DENVER (CBS4)– Colorado is one of 16 states advocating for the Dreamers before the U.S. Supreme Court. The Supreme Court says it will take up a case that ended DACA or the Deferred Action for Childhood Arrivals program.

U.S. Supreme Court (February 5, 2009 in Washington, DC.)

Some 17,000 young people in Colorado are protected from deportation by DACA, a program that’s become a political football. Pres. Barack Obama established it. Pres. Donald Trump abolished it, leaving Dreamers in limbo and prompting the lawsuit.

Colorado Attorney General Phil Weiser laid out the state’s case before leaders from across the state – Republican and Democrat, business and agriculture, religious and academic – all part of the Colorado Compact on immigration.

Phil Weiser (credit: CBS)

“The Dreamers were told under the prior administration give us your information, all kinds of personal information, and we’ll put you at the very back of the line of 11 million people. Unfortunately, in yet another political game, they’re now being threatened with immediate deportation. When you tell someone one thing, and you get information from them for one purpose, you don’t turn around and misuse it,” said Weiser.

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Weiser says Pres. Trump’s reasoning is contrived and his actions a violation of due process. Still, Weiser would rather have Congress, not the Supreme Court, settle the matter.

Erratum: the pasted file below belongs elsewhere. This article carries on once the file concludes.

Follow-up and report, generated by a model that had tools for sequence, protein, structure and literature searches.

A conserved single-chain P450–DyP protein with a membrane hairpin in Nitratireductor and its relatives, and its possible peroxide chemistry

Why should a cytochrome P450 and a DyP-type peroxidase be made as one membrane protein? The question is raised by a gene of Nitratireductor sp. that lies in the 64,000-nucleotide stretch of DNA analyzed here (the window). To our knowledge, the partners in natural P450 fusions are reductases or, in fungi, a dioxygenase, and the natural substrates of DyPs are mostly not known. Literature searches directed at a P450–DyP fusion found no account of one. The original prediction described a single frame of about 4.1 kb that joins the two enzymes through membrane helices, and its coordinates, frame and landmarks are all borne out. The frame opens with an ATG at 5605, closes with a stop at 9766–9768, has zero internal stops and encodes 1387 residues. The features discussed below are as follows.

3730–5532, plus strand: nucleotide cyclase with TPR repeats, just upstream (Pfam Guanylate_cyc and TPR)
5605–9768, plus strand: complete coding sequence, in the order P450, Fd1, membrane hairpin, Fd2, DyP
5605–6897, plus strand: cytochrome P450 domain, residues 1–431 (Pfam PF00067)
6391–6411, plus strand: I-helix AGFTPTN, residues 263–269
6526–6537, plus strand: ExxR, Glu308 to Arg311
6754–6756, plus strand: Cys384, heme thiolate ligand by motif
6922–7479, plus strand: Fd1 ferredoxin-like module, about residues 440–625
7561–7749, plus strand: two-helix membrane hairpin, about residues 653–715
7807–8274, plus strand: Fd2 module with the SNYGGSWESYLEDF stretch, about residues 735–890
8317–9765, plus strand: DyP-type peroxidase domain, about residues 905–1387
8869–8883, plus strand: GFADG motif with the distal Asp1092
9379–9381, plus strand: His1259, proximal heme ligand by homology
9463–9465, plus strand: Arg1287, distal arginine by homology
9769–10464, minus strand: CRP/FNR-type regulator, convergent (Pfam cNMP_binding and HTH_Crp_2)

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So would Sen. Cory Gardner, “We worked for months to come up with a bi-partisan bill proposal.”

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He’s one of six Republican and Democratic senators, including Sen. Michael Bennet, who wrote an immigration reform bill that included protections for Dreamers along with millions of dollars for border security. It failed by just six votes.

“We know this is the right thing to do,” said Gardner. “I have people that live within my community who are Dreamers. Our daughter goes to school with a grade full of Dreamers and the opportunity for us to pass this legislation is so close so I spend each and every day fighting to find those six people – the six people that we were shy those votes – to get them to vote yes and that’s what we’re going to continue to do.”

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Gardner wouldn’t say whether he thought Pres. Trump had the authority to rescind Pres. Obama’s executive order establishing DACA. But he said he has talked to Pres. Trump repeatedly about the need to pass the Dream Act. The Supreme Court’s decision is expected next spring, in the middle of the 2020 election.

Shaun Boyd